"I think that is a nonsensical response" that reflects "the religious right's point of view," says Jon Miller, a science literacy researcher at Michigan State University in East Lansing who authored the survey 3 decades ago and conducted it for NSF until 2001. "Evolution and the big bang are not a matter of opinion. If a person says that the earth really is at the center of the universe, even if scientists think it is not, how in the world would you call that person scientifically literate? Part of being literate is to both understand and accept scientific constructs."
When Science asked Bruer if individuals who did not accept evolution or the big bang to be true could be described as scientifically literate, he said: "There are many biologists and philosophers of science who are highly scientifically literate who question certain aspects of the theory of evolution," adding that such questioning has led to improved understanding of evolutionary theory. When asked if he expected those academics to answer "false" to the statement about humans having evolved from earlier species, Bruer said: "On that particular point, no."
Lanzerotti told Science that even though the board had been aware of concerns about the two questions since before the 2008 survey was conducted, officials had not had a chance to alter the questions because the volume of work that goes into producing the Indicators is "vast," unlike "writing a 2000-word news article." However, both Lanzerotti and Lynda Carlson, director of NSF's statistical office that manages the survey and produces Indicators, say that it is time to take a fresh look at the survey. Last week, less than 48 hours after his interview with Science, Lanzerotti asked the head of NSF's Social, Behavioral and Economic Sciences directorate to conduct a "thorough examination" of the questions through "workshops with experts."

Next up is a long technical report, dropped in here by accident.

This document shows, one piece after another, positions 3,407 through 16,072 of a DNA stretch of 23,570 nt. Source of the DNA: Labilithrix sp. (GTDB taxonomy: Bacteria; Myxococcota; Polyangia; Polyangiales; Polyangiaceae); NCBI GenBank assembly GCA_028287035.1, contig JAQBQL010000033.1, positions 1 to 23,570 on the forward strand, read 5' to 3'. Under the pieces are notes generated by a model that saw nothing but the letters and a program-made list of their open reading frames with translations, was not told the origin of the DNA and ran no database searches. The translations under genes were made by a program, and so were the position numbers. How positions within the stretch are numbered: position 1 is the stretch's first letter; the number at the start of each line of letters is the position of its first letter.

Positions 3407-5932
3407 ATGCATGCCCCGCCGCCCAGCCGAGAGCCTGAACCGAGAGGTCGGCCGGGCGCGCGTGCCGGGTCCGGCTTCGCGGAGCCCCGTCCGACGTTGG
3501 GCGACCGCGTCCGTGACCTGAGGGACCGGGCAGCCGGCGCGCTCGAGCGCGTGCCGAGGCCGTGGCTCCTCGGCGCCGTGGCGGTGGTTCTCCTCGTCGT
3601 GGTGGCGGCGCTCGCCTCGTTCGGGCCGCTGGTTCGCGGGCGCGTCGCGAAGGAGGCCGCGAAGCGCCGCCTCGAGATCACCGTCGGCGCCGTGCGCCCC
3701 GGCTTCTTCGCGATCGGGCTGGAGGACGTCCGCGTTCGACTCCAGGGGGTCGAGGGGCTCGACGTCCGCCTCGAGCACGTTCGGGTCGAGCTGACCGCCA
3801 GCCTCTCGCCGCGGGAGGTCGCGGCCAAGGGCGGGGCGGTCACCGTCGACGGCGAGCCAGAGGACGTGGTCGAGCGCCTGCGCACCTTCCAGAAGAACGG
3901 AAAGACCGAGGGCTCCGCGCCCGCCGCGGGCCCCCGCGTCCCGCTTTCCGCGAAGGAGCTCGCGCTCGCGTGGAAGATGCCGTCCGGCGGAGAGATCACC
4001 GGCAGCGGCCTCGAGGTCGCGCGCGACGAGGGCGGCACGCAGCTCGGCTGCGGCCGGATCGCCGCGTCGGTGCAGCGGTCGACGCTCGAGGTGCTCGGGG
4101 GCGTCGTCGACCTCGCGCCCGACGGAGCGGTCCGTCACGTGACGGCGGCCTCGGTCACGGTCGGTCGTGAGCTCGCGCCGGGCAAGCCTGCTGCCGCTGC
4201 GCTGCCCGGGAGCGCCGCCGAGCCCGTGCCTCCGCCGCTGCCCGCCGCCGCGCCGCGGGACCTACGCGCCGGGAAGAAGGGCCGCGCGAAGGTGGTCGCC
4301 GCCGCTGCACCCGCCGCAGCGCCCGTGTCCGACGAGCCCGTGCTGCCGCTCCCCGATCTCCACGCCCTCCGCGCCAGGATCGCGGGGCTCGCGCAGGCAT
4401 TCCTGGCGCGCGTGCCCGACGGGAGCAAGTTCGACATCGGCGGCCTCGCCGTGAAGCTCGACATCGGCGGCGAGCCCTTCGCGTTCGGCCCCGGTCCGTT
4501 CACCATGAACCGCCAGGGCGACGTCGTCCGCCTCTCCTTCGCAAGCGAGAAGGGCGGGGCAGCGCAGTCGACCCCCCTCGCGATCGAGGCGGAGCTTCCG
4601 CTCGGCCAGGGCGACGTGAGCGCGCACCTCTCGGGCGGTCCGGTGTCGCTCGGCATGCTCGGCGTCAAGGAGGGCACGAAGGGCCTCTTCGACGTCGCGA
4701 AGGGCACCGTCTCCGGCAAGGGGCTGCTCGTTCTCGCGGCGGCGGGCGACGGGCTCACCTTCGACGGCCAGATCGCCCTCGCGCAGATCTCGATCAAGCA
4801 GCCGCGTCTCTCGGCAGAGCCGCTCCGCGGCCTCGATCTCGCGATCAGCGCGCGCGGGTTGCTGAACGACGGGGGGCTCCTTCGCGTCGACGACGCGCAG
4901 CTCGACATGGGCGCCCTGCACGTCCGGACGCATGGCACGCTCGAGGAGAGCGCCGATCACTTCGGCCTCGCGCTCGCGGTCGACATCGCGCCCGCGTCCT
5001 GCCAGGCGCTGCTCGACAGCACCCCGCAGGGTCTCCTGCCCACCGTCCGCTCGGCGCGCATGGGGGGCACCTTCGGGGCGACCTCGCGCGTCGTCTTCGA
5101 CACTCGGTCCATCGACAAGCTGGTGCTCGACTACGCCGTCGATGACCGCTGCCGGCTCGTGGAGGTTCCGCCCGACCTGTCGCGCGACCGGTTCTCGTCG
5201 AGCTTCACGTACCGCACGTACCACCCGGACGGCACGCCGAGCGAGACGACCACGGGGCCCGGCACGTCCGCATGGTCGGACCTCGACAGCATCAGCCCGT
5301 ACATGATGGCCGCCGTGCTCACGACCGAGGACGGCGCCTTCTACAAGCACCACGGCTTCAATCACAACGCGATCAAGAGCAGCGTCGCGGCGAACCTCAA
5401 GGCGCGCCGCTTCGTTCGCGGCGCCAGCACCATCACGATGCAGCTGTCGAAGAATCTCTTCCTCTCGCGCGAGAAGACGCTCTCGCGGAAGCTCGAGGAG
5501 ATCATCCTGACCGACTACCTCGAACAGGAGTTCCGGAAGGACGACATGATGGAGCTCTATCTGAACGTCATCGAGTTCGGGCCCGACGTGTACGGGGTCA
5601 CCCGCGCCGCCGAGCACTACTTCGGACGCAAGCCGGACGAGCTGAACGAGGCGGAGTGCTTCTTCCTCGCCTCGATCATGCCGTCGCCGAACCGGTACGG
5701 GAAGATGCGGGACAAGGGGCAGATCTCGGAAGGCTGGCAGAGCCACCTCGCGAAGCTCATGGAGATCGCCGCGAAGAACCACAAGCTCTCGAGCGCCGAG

Miller, the scientific literacy researcher, believes that removing the entire section was a clumsy attempt to hide a national embarrassment. "Nobody likes our infant death rate," he says by way of comparison, "but it doesn't go away if you quit talking about it."
[ Source ]
Congratulations, America! It appears that the vast majority of you are so fucking stupid and ignorant that the intelligent minority of us are now having to cover up for you. Hiding the responses to those questions strikes me as not at all unlike an upper middle-class family hiding their retarded alcoholic uncle in the basement. The only problem with that analogy is that, in reality, the retarded fucking morons of this country represent the majority (and greatly so). So maybe a more apt analogy would be to describe it as the one socially normal girl in a family of retards having to lock her parents and siblings down in the cellar when her date arrives, otherwise she'll never get a man!
Yes, America, well over HALF of you are the retarded family members that the rest of us have to hide and be ashamed of. The fucking National Science Foundation is so HUMILIATED by your very being that they're trying desperately to sweep your stupid asses under the rug and smile sheepishly when the rest of the world looks at them wondering what the fuck their problem is.
I must say, I particularly LOVE the bullshit excuse they gave. Most especially the way they worded it.
...the survey questions used to measure knowledge of the two topics force respondents to choose between factual knowledge and religious beliefs.